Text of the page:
Change is a natural part of life. In business, this is especially true.
Even your most loyal customers will eventually move on. This can happen for a number of reasons. Their needs could change, or something better could come along.
Yet while we recognize change is a part of business, it’s important to minimize customer churn.
It’s harder to acquire new customers than retain existing ones. Not only that, but your existing customers will spend more money on the products and services than new ones, because of the trust you have built with them.
This creates more revenue-generating opportunities for your company.
However, simply reducing churn isn’t the whole story. You can also take advantage of customer loyalty by winning back lost customers.
Today, we’ll look at how to create a win-back strategy using customer feedback. More specifically, we’ll identify the key reasons for customer churn, and match each of these with a win-back strategy.
How to identify reasons for customer churn
Your first step to winning back a customer is figuring out what went wrong in the first place. The simplest way to do that is to hear from them directly. To do this, you need to gather customer feedback.
Of course, for most businesses, trends in customer churn are far more helpful than knowing the exact reason every customer dropped off the grid. Modern customer feedback tools make this fairly simple by using a public board with an upvote/downvote system.
When a piece of feedback gets a lot of upvotes, you can then build a win-back strategy around it.
To figure out what kind of strategy to use, it’s helpful to understand the different types of customer churn. These are called churn factors.
Essentially, all lost customers can be placed into one of four categories:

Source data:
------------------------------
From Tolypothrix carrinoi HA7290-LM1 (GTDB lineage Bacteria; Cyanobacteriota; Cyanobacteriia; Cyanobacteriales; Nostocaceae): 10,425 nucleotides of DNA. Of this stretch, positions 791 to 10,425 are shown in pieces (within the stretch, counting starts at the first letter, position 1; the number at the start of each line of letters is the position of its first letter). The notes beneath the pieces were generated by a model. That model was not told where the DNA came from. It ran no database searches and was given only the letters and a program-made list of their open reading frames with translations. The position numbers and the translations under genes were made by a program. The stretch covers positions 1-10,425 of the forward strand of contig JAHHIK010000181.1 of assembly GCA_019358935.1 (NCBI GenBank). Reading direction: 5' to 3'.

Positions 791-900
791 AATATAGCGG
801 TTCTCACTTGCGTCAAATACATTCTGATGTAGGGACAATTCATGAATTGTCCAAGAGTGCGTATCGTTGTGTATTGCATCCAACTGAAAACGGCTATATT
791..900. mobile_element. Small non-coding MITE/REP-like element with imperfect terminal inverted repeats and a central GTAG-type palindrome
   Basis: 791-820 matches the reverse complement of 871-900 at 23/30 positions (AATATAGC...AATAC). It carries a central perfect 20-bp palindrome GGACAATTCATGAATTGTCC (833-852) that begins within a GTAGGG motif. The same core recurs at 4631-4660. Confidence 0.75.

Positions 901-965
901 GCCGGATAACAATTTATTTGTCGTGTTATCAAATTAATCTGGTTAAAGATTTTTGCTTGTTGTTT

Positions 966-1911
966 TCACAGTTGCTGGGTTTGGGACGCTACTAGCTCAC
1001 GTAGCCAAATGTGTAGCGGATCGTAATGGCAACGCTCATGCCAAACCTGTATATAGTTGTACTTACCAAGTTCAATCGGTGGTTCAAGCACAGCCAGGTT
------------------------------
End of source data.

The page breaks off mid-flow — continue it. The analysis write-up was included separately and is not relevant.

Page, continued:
- Their customer journey has reached its natural end: The customer needed your product for a fixed period of time, which has ended.
- Their needs have changed: The customer now needs something different or something additional which you don’t offer.
- You lost out to a competitor: Somebody else offers what you offer for less money or their product is slightly differentiated.
- The customer no longer sees value: The customer isn’t seeing the return on investment they thought they would.
The final step is to match applicable feedback to one of these categories. All this takes is a little bit of reading between the lines.
Let’s look at the core strategies for addressing each of these churn factors and winning back customers.
1. The customer journey has reached its natural end
In some ways, this is the churn factor that puts you in the best position. That is to say, they were probably happy with your product while they needed it.
However, winning them back isn’t as simple as sitting around waiting for them to come back.
In fact, there are plenty of things you can do to grease the wheels. The good thing is you already have their email address. The key thing is pretty much to maintain contact.
However, there are a couple of rules of thumb to keep in mind.
For example, simply sending sales content to customers who don’t need your services is a surefire way to get unsubscribes. Instead, it’s vital to provide value in your email content.
To do this, I like to do the following:
- Use a content-digest style email funnel for “satisfied customers”
- Focus on content which is relevant to the broader industry, rather than our specific product
- Create and share customer success stories
This final point is crucial. An excellent way to provide extra value to happy customers is to raise their profile with a case study.
2. The customer’s needs have changed
The customer’s needs have changed is a similar churn factor to the customer’s journey reaching its natural end.
The key difference is that the customer now needs something you simply don’t provide. This will show up pretty explicitly in your customer feedback. That is, in most cases, the feedback will actually state that you can’t do something with your product.
When this happens, you have two win-back strategies:
- Add the feature
- Demonstrate that you can achieve the same results with an existing feature
Some feature requests will be things you can reasonably add.
For example, if you provide an SEO tool and someone complains that they can’t get they want to get key information in their browser through a Chrome extension, that’s something you could look into building.